Guest Recipe: Spaghetti Squash with Parsley Lemon Pesto

My pal, Gilah Rosner, and I love to share recipes, kitchen wisdom, and nutritional science tidbits. Here we offer you Gilah's recipe for Spaghetti Squash with Parsley Lemon Pesto.

Don’t scoff at humble parsley—it’s packed with intense peppery flavor and phytonutrients with many health benefits. It’s rich in fiber, chlorophyll, and micronutrients like vitamin C and vitamin A, and it’s simply loaded with vitamin K, which improves calcium absorption—important for healthy bones and a healthy heart. Parsley packs a punch with its vitamin K content, more than any other green herb or vegetable.

Parsley, like many vegetables and fruits rich in antioxidants and phytonutrients, can help fight inflammation—the underlying cause of most chronic and degenerative diseases, such as hypertension, diabetes, cardiovascular disease, obesity, and autoimmunity. Parsley contains a plant pigment called myricetin, thought to have preventative effects against skin cancer and diabetes in particular.

Traditional herbalism teaches that parsley is also a wonderful digestive, one of the classes of aromatic herbs with square stems and leafy greens that help stimulate digestion and eliminate sluggishness. After a meal, munching a few springs of parsley is wonderful for good digestion and fresh breath.

Add a generous handful of parsley to eggs, pasta, salads or salad dressings, even your morning smoothie. The Parsley Lemon Pesto in this recipe can be used as a sauce, dip, spread, or dollop that delivers flavor and nutrition. Stir it into butternut squash, tomato, or even chicken soup. It’s fantastic on fish and chicken, stirred into plain quinoa or wild rice, spread on a sandwich, or used to dress up a simple cooked vegetable. Or enjoy it in this fast, easy, and delicious dish.

1 medium spaghetti squash
Parsley Lemon Pesto (recipe below)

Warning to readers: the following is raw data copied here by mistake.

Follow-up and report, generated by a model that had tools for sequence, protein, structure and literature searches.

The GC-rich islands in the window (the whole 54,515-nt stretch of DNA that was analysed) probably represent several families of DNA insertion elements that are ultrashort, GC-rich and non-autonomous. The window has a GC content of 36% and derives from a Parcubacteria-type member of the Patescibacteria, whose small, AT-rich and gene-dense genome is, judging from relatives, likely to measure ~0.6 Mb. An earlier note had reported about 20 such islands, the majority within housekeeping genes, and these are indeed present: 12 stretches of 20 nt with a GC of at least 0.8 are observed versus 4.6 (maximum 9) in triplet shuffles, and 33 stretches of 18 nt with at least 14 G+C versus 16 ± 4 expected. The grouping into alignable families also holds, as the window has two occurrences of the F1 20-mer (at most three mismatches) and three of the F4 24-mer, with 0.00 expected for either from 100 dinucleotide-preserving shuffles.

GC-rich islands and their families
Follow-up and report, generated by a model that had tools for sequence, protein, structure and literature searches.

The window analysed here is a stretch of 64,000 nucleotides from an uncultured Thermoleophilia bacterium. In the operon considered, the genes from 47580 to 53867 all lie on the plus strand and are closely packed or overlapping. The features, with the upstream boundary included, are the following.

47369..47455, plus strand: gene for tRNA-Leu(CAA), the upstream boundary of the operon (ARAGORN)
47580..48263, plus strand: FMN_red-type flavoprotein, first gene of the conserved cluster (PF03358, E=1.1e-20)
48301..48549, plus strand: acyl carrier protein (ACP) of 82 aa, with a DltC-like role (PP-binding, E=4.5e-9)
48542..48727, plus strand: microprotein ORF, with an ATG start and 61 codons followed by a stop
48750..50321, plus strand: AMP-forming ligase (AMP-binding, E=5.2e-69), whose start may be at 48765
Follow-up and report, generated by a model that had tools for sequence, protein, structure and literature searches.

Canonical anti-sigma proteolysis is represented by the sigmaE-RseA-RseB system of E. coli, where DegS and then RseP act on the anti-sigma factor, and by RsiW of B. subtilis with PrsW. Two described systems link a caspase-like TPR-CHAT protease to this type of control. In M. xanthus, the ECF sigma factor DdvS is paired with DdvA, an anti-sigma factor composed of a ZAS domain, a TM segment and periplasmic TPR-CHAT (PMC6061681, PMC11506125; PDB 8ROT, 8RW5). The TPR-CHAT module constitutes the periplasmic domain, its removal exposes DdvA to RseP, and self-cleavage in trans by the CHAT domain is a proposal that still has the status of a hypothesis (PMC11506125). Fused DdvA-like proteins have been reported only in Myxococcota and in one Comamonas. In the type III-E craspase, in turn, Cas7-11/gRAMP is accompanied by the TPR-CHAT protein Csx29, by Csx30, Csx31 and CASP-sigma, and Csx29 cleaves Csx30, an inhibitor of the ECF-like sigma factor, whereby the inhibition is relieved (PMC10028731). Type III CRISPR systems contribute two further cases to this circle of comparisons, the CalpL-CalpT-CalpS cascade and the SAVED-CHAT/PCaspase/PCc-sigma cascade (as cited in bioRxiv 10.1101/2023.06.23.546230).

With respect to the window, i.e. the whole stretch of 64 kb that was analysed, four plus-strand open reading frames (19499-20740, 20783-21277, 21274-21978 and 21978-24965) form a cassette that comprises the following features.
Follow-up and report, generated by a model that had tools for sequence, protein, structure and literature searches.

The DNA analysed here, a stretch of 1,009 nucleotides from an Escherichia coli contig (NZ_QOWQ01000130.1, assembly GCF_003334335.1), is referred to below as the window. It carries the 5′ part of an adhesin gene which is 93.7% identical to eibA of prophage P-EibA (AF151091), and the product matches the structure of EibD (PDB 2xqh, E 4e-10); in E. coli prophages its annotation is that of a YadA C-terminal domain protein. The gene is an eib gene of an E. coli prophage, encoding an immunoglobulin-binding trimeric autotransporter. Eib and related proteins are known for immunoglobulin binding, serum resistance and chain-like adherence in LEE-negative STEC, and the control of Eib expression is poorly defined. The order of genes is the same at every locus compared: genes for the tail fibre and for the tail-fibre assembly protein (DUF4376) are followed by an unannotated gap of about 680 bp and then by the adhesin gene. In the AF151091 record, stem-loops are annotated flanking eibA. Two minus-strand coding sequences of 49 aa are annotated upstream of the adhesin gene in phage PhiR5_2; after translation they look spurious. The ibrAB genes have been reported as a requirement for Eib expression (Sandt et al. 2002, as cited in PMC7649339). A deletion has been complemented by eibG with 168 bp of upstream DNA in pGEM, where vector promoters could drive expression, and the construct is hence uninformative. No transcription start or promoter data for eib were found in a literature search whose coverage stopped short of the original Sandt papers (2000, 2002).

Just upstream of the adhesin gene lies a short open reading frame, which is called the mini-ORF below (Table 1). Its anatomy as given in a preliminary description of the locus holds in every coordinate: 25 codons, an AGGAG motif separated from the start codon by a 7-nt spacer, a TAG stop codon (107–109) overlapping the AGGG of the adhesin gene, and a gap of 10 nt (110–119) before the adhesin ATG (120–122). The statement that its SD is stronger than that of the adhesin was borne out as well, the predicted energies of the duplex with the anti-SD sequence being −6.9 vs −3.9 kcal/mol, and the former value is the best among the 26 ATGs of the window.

Chopped sundried tomatoes (optional)
Grated parmesan cheese and extra chopped parsley to sprinkle on top

Preheat oven to 375 degrees. Cut the squash in half, and scoop out the wet, stringy interior and seeds with a soup spoon. (You can discard, or save the seeds to toast later.)

Smear a little olive oil on the cut sides of the squash halves, turn upside down on a baking pan, and bake until tender when pierced with a knife, about an hour. When cool, use a fork to scrape the strands of squash out of the rind.

Mix squash with Parsley Lemon Pesto to coat the strands, and optional sundried tomatoes. Top with parmesan cheese and chopped parsley. Isn’t that gorgeous?

Now pour yourself a glass of wine or other festive beverage of choice, light a candle, and enjoy your meal on a beautiful plate, with a lovely placemat or tablecloth, and some soothing background music. Your body, heart, mind, and spirit will thank you.

Parsley Lemon Pesto

Heaping ½ cup toasted walnuts, pine nuts, sunflower seeds, or almonds
2 cups packed fresh flat-leaf parsley (much more flavorful than the curly kind)
½ cup extra virgin olive oil
2 or 3 medium cloves garlic (a powerful anti-microbial and anti-inflammatory food, also great for cardiovascular health)
Grated zest of 1 lemon (yellow part only)
1–2 tablespoons lemon juice
½ teaspoon colored sea salt (such as Celtic or pink Himalayan)
A few grinds of freshly ground pepper
Parmesan or Romano cheese (optional, to taste)

Toast nuts or seeds in a pan over low heat, or in the microwave. If microwaving, start with 45 seconds and check if they're done. Put toasted nuts or seeds and the remaining ingredients in a food processor or blender, and mix until it is a uniform consistency. Now taste it. Do you love it as is, or can you perfect it a bit? This is where the art of cooking comes in, and you are the artist. Would you like to add some grated Parmesan or Romano cheese? Go for it; you’ll probably need to add more oil to keep the proper consistency. Does it need more garlic or more lemon? Remember, a recipe is only a suggestion. Use what you have on hand, and play with your food so that it tastes absolutely scrumptious to you.

Find out about upcoming programs with Joan Borysenko at Kripalu.

This recipe was originally published on Joan's blog.

Joan Borysenko, PhD, is a Harvard Medical School-trained biologist, a licensed psychologist, a New York Times best-selling author, and a pioneer in mind-body medicine.

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